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Good piece in the Harvard Business Review about how certain retailers – it cites HEB, Publix, Best Buy and Walgreens – are able to co-exist with Wal-Mart in certain markets, even though they carry some of the same categories.

Recommended steps include:

  • First, build local market share preemptively.

  • Cater to targeted customer segments, “customizing local assortments and raising loyalty benefits.”

  • Develop rigorous pricing strategies, identifying both opportunities and vulnerabilities.

  • Eliminate every wasted dollar from the supply chain.

KC's View:
Wow. Those Harvard folks just run rings around us more pedestrian thinkers, don’t they?

Okay, maybe that’s a little snippy.

We actually think that this is sort of an over-generalization. The stores that compete best with Wal-Mart generally do so, we think, when they offer a compelling shopping experience that is clearly differentiated in some way. It’s rarely price, though it is important to not be way out of whack.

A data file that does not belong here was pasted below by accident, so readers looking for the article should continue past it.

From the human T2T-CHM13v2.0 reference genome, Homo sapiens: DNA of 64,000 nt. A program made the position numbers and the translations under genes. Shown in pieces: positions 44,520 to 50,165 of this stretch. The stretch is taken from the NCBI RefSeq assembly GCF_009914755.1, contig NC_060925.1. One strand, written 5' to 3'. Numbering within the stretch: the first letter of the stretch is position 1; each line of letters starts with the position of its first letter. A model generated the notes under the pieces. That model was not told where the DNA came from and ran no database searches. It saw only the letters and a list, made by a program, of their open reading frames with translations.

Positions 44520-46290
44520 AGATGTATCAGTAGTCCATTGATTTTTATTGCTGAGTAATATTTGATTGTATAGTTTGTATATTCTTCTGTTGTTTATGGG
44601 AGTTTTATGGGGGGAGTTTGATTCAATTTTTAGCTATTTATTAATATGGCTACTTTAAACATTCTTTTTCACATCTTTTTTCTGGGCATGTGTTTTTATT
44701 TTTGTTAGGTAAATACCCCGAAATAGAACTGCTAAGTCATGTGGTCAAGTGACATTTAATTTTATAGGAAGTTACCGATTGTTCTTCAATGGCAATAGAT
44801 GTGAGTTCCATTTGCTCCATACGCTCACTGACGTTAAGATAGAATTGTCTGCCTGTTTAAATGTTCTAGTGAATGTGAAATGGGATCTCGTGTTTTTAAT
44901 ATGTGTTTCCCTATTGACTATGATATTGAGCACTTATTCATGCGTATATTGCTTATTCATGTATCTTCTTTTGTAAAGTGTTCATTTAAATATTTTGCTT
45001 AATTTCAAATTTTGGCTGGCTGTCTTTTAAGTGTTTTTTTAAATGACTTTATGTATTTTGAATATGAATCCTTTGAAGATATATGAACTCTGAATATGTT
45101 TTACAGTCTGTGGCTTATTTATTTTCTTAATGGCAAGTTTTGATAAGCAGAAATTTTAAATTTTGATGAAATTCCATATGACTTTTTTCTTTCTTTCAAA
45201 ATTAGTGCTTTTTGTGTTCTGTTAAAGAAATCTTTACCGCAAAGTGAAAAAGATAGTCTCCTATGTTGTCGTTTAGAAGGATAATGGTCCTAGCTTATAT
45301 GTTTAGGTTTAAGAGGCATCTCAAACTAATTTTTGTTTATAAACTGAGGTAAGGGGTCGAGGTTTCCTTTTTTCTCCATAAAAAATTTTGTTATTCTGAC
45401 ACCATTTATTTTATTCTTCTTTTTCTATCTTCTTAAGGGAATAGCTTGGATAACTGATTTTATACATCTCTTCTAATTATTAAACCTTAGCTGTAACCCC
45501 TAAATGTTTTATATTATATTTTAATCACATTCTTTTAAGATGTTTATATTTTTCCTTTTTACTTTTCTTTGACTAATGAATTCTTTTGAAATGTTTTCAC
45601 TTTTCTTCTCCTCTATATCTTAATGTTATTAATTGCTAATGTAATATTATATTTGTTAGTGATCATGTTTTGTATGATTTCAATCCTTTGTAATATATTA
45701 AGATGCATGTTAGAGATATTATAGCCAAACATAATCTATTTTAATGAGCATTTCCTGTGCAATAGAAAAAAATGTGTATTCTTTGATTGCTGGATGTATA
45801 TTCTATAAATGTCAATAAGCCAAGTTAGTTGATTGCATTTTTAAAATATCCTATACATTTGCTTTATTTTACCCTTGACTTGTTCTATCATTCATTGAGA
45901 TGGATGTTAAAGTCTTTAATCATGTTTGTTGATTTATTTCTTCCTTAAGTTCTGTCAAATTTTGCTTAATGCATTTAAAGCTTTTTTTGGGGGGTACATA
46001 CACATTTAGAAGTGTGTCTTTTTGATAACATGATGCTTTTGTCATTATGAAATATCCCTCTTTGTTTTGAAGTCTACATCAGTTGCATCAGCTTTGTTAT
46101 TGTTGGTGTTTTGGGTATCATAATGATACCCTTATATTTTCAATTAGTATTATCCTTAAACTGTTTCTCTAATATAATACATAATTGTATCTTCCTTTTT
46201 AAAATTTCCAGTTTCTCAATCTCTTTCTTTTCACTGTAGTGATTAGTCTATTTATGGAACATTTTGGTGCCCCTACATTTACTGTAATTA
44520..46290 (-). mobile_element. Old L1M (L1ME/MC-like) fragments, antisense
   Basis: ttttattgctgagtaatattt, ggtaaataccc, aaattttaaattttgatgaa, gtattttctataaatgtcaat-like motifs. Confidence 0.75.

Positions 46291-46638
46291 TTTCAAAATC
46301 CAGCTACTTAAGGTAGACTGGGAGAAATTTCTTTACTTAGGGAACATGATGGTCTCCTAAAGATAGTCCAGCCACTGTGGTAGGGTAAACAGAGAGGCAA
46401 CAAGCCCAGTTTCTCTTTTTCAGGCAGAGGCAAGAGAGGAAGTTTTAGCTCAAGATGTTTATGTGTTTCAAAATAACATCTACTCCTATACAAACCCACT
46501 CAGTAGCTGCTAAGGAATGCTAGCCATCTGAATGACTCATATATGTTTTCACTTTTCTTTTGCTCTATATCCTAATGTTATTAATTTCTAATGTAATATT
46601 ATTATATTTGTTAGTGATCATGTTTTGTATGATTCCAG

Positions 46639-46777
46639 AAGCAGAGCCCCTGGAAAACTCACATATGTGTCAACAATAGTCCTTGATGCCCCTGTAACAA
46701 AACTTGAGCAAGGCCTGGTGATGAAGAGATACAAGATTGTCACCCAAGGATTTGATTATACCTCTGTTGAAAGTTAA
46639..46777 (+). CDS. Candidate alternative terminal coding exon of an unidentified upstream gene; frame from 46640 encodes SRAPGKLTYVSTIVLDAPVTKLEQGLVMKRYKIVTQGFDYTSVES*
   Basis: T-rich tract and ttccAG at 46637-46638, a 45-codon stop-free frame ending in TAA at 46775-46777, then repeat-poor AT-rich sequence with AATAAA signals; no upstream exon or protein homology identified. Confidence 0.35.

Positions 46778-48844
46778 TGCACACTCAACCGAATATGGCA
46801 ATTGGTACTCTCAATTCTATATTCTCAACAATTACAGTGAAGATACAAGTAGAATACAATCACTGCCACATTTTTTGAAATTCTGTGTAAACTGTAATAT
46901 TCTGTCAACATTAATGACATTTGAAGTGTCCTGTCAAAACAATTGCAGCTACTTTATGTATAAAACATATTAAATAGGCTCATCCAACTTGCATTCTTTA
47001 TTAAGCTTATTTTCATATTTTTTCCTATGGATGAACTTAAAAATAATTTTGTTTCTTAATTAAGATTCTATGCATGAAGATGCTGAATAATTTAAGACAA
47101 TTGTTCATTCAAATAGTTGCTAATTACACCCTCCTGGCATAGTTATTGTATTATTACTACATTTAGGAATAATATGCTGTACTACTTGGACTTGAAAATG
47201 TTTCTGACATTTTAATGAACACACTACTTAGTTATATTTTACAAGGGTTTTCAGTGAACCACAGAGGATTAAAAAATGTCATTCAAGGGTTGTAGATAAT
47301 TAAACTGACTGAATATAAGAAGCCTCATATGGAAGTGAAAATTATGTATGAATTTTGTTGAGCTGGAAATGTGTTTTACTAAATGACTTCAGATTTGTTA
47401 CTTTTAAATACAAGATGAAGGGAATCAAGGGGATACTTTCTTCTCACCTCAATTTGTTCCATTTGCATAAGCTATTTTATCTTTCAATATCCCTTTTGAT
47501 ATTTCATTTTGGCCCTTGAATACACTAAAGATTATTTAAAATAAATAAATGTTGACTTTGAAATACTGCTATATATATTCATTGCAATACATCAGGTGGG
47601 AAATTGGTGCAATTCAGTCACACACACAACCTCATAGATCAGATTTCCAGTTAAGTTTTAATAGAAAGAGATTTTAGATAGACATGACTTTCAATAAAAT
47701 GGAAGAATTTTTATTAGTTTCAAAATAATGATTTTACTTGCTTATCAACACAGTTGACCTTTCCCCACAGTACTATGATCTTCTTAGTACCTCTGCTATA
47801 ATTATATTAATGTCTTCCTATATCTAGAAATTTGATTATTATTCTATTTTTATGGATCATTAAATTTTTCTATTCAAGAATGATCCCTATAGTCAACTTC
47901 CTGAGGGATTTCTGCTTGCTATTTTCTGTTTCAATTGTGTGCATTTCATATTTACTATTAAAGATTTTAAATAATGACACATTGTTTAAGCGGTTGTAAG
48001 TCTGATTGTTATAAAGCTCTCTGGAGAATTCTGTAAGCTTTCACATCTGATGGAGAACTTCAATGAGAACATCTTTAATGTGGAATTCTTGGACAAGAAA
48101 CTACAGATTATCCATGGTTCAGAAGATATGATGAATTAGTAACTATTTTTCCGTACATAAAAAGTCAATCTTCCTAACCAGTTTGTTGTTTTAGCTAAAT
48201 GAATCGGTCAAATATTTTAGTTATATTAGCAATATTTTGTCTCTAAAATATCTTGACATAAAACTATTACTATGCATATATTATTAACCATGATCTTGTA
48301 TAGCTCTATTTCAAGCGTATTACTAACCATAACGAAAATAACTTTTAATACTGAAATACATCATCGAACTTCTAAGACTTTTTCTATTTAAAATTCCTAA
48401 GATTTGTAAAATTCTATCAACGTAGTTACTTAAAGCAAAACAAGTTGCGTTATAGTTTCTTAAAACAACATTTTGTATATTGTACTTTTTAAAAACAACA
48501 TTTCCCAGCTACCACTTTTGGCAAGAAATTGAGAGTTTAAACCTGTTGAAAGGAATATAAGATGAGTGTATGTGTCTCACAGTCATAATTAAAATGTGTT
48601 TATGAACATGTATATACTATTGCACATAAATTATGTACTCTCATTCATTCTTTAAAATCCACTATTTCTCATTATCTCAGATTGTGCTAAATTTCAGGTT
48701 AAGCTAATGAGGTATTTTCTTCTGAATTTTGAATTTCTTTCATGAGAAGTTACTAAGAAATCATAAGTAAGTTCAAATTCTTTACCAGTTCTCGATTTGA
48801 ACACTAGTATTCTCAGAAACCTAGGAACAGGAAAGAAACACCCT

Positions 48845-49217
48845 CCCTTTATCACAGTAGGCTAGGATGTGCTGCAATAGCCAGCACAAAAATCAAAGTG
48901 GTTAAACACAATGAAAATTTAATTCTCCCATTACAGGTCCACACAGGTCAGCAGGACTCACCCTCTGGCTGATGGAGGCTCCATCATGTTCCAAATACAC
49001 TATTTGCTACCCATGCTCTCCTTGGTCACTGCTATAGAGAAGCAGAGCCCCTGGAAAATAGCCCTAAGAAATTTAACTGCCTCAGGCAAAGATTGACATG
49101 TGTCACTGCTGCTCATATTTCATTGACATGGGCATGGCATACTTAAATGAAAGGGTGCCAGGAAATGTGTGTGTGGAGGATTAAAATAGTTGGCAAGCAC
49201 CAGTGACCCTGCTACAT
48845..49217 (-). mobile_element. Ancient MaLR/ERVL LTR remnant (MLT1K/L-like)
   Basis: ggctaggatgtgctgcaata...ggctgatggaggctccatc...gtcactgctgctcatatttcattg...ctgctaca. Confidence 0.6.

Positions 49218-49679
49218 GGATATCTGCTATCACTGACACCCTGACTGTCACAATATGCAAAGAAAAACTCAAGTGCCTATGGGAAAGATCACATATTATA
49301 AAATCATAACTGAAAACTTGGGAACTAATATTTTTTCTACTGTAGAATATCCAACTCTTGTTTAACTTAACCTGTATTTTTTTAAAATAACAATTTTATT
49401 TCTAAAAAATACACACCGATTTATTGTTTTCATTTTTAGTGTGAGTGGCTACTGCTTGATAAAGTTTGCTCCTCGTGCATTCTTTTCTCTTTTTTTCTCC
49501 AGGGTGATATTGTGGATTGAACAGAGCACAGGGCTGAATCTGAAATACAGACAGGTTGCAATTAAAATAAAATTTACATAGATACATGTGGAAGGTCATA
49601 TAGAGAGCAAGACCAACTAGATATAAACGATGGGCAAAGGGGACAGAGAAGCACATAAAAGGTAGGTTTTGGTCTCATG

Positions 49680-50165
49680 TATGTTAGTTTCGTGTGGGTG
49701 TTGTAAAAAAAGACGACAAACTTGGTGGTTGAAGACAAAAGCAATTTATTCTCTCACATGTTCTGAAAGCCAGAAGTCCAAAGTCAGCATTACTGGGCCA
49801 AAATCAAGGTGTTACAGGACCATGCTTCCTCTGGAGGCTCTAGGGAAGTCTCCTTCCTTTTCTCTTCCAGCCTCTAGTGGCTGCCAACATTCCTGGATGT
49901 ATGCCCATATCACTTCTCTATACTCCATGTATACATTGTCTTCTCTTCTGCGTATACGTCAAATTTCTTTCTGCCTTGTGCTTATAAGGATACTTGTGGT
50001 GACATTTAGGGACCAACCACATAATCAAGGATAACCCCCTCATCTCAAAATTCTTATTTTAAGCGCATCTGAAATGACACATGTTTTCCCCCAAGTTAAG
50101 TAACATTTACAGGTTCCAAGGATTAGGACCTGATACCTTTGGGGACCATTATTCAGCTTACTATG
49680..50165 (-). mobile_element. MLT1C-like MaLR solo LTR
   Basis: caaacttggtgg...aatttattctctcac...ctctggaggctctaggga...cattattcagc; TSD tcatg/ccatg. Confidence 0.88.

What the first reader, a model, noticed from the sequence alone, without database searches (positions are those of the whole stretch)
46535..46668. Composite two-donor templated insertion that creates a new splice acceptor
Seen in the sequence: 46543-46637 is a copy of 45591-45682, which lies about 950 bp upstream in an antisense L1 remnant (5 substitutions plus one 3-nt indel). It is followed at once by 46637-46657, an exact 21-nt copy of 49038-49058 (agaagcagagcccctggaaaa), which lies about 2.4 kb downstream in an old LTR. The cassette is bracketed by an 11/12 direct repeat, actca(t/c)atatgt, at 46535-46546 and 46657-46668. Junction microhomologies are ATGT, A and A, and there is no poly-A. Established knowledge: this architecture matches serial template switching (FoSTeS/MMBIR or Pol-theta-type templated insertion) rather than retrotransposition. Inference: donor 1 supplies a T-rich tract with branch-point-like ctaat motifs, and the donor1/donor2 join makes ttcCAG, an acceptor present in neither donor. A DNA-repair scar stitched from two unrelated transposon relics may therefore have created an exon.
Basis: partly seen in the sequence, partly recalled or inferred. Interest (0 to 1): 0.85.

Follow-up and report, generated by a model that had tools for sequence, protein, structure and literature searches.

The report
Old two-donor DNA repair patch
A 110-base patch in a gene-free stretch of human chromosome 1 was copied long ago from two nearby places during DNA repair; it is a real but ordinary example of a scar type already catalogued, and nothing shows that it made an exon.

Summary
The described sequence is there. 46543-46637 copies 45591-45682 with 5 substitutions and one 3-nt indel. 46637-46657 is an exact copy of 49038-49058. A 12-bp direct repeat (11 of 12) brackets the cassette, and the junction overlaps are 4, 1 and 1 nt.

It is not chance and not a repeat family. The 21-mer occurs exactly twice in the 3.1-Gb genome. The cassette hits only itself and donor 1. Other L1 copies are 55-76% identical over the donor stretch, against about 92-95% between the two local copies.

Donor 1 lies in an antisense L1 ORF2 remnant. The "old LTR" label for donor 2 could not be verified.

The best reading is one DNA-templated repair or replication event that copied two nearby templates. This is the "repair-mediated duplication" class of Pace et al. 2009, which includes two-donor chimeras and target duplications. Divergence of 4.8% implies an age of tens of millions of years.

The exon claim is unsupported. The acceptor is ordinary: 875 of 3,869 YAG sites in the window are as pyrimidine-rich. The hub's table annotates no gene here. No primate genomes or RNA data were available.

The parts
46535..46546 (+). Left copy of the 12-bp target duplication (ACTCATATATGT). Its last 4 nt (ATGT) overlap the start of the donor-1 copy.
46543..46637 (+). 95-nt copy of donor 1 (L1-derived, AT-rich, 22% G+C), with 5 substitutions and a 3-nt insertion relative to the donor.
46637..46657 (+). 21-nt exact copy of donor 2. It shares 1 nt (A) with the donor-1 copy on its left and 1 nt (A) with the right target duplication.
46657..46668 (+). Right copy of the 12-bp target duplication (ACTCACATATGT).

But one of the reasons that stores operated by HEB, Publix, and Best Buy are competitive is that they have a depth of product and expertise generally not offered by Wal-Mart. That’s attractive to a lot of consumers, but not to others. That’s what makes a horserace.

It would be our perception – and we could be wrong on this – that Walgreen might be a little more vulnerable in the long run. It just seems to us that Walgreens (and CVS, for that matter) might have to work a little harder to prove that it has a differential advantage.